God’s justice is unlike human justice. His punishment is not swift, but can be deferred, even after a person has died. We humans prefer swift judgment and immediate punishment. 2 Peter 3:9 says, “The Lord is not slow about His promise, as some count slowness, but is patient toward you, not wishing for any to perish but for all to come to repentance.” God delays so that people have a chance to change and turn to Him. This doesn’t mean that God won’t execute justice. Deuteronomy 32:4 says, “His work is perfect, for all His ways are just; a God of faithfulness and without injustice, righteous and upright is He.”
God tracks time differently than we do. “With the Lord a day is like a thousand years, and a thousand years are like a day.” (2 Peter 3:8). From that point of view, the oppression of the Israelites in Egypt wasn’t long when considered in light of eternity. Our lifetime is but a quick blip on God’s radar, so it’s amazing to me how much “time” and attention He give us. God created time and lives outside of time, so His touch on your life is timeless and eternal. We have to be careful with timetables when it comes to God. His “soon” is not our “soon.” Two thousand years ago, Jesus said He is coming soon.
Bigger Than We Can Imagine
In Isaiah 6, the prophet describes his dramatic vision of God. “In the year that King Uzziah died, I saw the Lord, high and exalted, seated on a throne; and the train of his robe filled the temple.” The concept of a king seated on a throne is a human invention. God appeared to Isaiah in a form he could understand in order to illustrate His ultimate sovereignty. Yet God is so much greater than a king on a throne, but that illustration is the best we have to describe His supremacy and power. He is far beyond what we can imagine and without equal (See Isaiah 46).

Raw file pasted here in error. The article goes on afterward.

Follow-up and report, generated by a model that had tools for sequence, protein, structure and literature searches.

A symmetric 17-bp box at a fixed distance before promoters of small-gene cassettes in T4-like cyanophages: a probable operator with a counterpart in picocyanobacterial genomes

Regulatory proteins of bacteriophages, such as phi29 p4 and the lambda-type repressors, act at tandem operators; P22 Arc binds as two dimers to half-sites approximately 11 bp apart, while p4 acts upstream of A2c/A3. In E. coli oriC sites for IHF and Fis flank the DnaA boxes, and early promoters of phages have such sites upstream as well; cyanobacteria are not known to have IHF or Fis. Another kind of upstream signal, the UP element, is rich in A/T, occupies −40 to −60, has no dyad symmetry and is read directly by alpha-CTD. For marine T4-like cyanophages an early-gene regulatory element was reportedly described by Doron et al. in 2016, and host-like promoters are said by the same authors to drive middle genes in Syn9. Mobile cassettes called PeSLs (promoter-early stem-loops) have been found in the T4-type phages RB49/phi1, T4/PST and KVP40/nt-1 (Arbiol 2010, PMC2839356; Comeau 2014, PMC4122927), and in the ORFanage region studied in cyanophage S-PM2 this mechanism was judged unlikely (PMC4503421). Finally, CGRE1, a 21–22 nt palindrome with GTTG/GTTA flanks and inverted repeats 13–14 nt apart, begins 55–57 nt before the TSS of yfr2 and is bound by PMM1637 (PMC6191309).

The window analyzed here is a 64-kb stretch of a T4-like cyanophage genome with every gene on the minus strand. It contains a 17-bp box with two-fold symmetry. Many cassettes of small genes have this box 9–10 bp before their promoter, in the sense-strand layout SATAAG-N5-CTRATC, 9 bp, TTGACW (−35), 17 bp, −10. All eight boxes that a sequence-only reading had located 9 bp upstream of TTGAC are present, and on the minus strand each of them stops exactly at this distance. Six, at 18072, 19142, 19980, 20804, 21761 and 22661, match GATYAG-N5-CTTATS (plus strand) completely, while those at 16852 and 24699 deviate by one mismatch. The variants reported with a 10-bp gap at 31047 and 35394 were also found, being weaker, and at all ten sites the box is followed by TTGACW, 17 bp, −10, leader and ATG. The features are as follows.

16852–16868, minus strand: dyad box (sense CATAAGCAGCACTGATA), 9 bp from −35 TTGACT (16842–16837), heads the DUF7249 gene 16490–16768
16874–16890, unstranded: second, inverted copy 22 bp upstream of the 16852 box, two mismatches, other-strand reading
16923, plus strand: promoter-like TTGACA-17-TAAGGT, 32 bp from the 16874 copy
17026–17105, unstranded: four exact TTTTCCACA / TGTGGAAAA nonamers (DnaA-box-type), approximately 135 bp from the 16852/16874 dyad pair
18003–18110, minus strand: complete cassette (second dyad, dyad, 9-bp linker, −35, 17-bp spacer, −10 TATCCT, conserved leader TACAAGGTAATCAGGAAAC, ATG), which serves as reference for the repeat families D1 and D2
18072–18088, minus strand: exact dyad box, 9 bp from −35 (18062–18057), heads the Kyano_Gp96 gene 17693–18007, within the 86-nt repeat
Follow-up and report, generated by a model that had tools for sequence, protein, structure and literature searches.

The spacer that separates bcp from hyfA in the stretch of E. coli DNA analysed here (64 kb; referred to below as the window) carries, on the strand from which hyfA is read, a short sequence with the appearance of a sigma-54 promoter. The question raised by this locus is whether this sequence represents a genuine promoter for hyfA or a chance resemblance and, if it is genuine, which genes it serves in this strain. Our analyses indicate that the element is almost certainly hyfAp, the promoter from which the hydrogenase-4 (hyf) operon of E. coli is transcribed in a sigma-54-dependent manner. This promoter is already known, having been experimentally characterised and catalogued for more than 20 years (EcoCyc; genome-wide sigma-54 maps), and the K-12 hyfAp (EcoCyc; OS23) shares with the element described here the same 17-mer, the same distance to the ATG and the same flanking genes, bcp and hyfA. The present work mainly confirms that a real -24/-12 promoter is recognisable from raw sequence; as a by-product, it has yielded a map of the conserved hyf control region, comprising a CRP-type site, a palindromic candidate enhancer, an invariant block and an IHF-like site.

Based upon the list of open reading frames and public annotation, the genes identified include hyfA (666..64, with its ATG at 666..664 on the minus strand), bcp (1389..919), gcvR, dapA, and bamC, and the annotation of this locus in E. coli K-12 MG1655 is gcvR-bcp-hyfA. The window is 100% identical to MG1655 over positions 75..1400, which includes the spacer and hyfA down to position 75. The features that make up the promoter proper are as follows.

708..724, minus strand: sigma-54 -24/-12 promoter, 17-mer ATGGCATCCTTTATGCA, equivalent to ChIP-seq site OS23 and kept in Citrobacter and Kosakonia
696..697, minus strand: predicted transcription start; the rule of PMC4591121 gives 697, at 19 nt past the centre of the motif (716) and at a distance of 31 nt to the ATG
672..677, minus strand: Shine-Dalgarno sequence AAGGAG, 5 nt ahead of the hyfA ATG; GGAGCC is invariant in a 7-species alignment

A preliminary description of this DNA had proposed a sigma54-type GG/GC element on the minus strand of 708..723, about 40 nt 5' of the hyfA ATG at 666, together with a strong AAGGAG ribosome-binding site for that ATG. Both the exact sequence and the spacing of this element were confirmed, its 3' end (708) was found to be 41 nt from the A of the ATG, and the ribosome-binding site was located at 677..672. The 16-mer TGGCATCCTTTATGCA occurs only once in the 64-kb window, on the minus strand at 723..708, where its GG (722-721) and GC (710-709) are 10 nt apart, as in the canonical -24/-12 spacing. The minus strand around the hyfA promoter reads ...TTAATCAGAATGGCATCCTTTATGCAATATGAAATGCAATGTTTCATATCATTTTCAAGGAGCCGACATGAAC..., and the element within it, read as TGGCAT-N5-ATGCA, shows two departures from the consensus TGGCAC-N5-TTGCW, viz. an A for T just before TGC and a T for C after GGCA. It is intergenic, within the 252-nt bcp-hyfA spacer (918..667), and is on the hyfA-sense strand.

In the forward to my book, Four in the Garden, I describe God as “transcending our understanding, the inscrutable God who defies our man-made definitions and imaginations. We do not capture and subdue God for purposes of study or control. Rather, we gaze and marvel so we might be changed. From that place of awe, we approach God and find the meaning and connection we long for.” The main goal for us on this Earth is not to understand God as much as to be transformed by His love. As for understanding God, we will understand more when we see Him face to face. “For now we see only a reflection as in a mirror; then we shall see face to face. Now I know in part; then I shall know fully, even as I am fully known.”(1 Corinthians 13:12). Until that day, let us remain in awe that we have such a wondrous God that created this amazing universe. And let us be ever thankful that such an awesome God loves you and me.
Questions for Reflection
- God is always bigger than the mental container in which we try to hold Him. How can you expand yourself to allow God to be bigger in your life?
- If God can’t be fully known because He is beyond our comprehension, then what value can be found in seeking to understand Him?
- What is your response to the knowledge that God is vastly superior to you? Does it help or hinder your relationship to Him?
Rick Hocker is a game programmer, artist, and author. In 2004, he sustained a back injury that left him bed-ridden in excruciating pain for six months, followed by a long recovery. He faced the challenges of disability, loss of income, and mounting debt. After emerging from this dark time, he discovered that profound growth had occurred. Three years later, he had a dream that inspired him to write his award-winning book, Four in the Garden. His goal was to help people have a close relationship with God and to share the insights he gained from the personal transformation that resulted from his back injury. He lives in Martinez, California.